GUEST ESSAY: Understanding the security limits of the static and dynamic passwords we rely on

We all rely on passwords. For better or worse, we will continue to use passwords to access our computing devices and digital services for years to come.

Related: The advent of passwordless access

Passwords were initially static. They have since been modified in two directions: biometrics and dynamic passwords.

Here is an overview of the passwords we currently use and their respective security limits:

Static passwords. This traditional form consists of letters, numbers and symbols. It is possible to calculate the number of all possible combinations, or NAPCs, of any static password. Therefore, it is theoretically possible to guess the correct combination of any static password from a single attempt, although the probability of success is low.

The most important point is that any static password can be cracked by the brute force method. With the rapid advances in computer technology, it has become possible to crack static passwords using, essentially, brute force. This led to two branches of changes: biometrics and dynamic passwords.

Biometrics. The equivalent of a password can now be derived from our physical attributes such as fingerprints, face, voice tracks or the iris of the eye. However, the digital representation of biometric data is nothing more than a complex static password.

Once this biometric data is compromised, there are only a limited number of options to modify it. We only have two eyes, one face and ten fingers. There are therefore very few possibilities for modifications and/or constructive developments.

Biometrics should be used as a username, not a password, because biometrics uniquely identify each person.

Dynamic passwords. This refers to static password usage patterns, where each password in that pattern is only active for a specific time interval. In other words, dynamic passwords are changeable static passwords.

Stukanov

Dynamic passwords must be managed securely. Both online and offline password managers come into play here. However, password managers introduce the problem of risk concentration, or putting all your eggs in one basket.

Password managers store passwords in an encrypted file called a vault, which is a target for attackers. Attackers can use brute force method to crack this safe. Every year, researchers discover weaknesses in these password managers.

Dynamic passwords. These are parametric, dynamic, recoverable, generated on demand, pseudo-random passwords that are not stored in electronic or paper form.

The most important property of dynamic passwords, or DPs, is that they do not require storage on electronic devices or on paper. They are generated on demand when users need them.

It is not possible to find a black cat in a dark room if there is no cat in that room. For this reason, dynamic passwords are more secure than dynamic passwords stored in a password manager.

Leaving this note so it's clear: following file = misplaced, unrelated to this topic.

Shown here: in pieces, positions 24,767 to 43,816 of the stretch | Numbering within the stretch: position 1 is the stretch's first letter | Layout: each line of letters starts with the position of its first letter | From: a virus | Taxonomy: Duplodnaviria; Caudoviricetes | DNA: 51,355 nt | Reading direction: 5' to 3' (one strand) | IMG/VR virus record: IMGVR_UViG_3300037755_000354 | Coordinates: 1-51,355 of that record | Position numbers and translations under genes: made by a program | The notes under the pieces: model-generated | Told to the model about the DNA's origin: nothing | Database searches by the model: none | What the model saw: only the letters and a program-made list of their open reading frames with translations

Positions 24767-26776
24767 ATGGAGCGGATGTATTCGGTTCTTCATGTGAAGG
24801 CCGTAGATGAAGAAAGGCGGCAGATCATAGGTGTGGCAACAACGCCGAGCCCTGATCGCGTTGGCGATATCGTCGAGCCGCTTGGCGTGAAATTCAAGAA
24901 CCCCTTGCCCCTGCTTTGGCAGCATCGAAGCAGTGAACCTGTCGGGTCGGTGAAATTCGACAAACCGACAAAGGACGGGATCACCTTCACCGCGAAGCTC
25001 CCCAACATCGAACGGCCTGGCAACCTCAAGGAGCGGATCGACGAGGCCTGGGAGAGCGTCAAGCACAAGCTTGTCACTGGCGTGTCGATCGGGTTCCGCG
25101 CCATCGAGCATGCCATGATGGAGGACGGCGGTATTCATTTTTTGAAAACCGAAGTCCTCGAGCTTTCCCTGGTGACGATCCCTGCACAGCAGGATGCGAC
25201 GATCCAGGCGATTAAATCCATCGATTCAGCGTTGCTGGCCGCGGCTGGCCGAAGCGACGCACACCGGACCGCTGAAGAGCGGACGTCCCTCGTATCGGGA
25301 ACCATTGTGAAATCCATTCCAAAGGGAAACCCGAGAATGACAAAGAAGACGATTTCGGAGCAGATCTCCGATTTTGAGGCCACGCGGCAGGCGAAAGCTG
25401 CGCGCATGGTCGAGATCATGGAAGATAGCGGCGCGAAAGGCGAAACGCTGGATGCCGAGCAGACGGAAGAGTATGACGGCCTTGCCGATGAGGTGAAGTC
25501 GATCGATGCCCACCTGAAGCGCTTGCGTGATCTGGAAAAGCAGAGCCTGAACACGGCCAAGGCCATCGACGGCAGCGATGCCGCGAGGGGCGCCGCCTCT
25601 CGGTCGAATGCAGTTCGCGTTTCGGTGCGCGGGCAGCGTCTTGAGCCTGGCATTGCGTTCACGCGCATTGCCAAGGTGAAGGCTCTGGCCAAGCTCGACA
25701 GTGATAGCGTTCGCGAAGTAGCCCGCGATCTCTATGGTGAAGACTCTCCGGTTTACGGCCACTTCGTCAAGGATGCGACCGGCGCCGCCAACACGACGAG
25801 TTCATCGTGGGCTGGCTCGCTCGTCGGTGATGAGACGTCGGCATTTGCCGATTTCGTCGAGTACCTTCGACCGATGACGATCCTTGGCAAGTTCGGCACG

When we register for an online account or request a password reset, we usually receive a new password by email. However, if an attacker is able to intercept and read this email, they can compromise our account.

To increase the security of our passwords against such a scenario, we can use multiple channels, instead of a single channel, to provide the password.

Multi-channel password delivery systems. This refers to the use of multiple communication channels to deliver passwords to users. MCPDS systems significantly increase the security of passwords against attacks on communication channels.

Multi-factor authentication methods, or MFA, fall into this category. A popular form of MFA is for a user to obtain an online password via email and a security code via text message to a mobile phone. These two pieces of information: the password and the security code, can be considered as the two parts of a dynamic password, necessary to access the online account.

Artificial intelligence systems. Some large companies use artificial intelligence systems, or AIS, to identify characteristics that can be used as passwords in authentication procedures. Such systems do not require any effort from the users.

AIS automatically collects all relevant information to determine the password and submit it to verification systems. The authentication procedure is hidden from users.

However, the password information is received from the AIS, not from humans. AIS have no emotions and therefore cannot be attacked by social engineering methods.

But AIS has the same drawbacks as biometrics; AIS algorithms are susceptible to compromise.

About the essayist: Igor Stukanov is the inventor and author of several books on “dynamic passwords”.

*** This is a syndicated Security Bloggers Network blog from The Last Watchdog written by bacohido. Read the original post at: https://www.lastwatchdog.com/guest-essay-understanding-the-security-limits-of-the-static-and-dynamic-passwords-we-rely-on/

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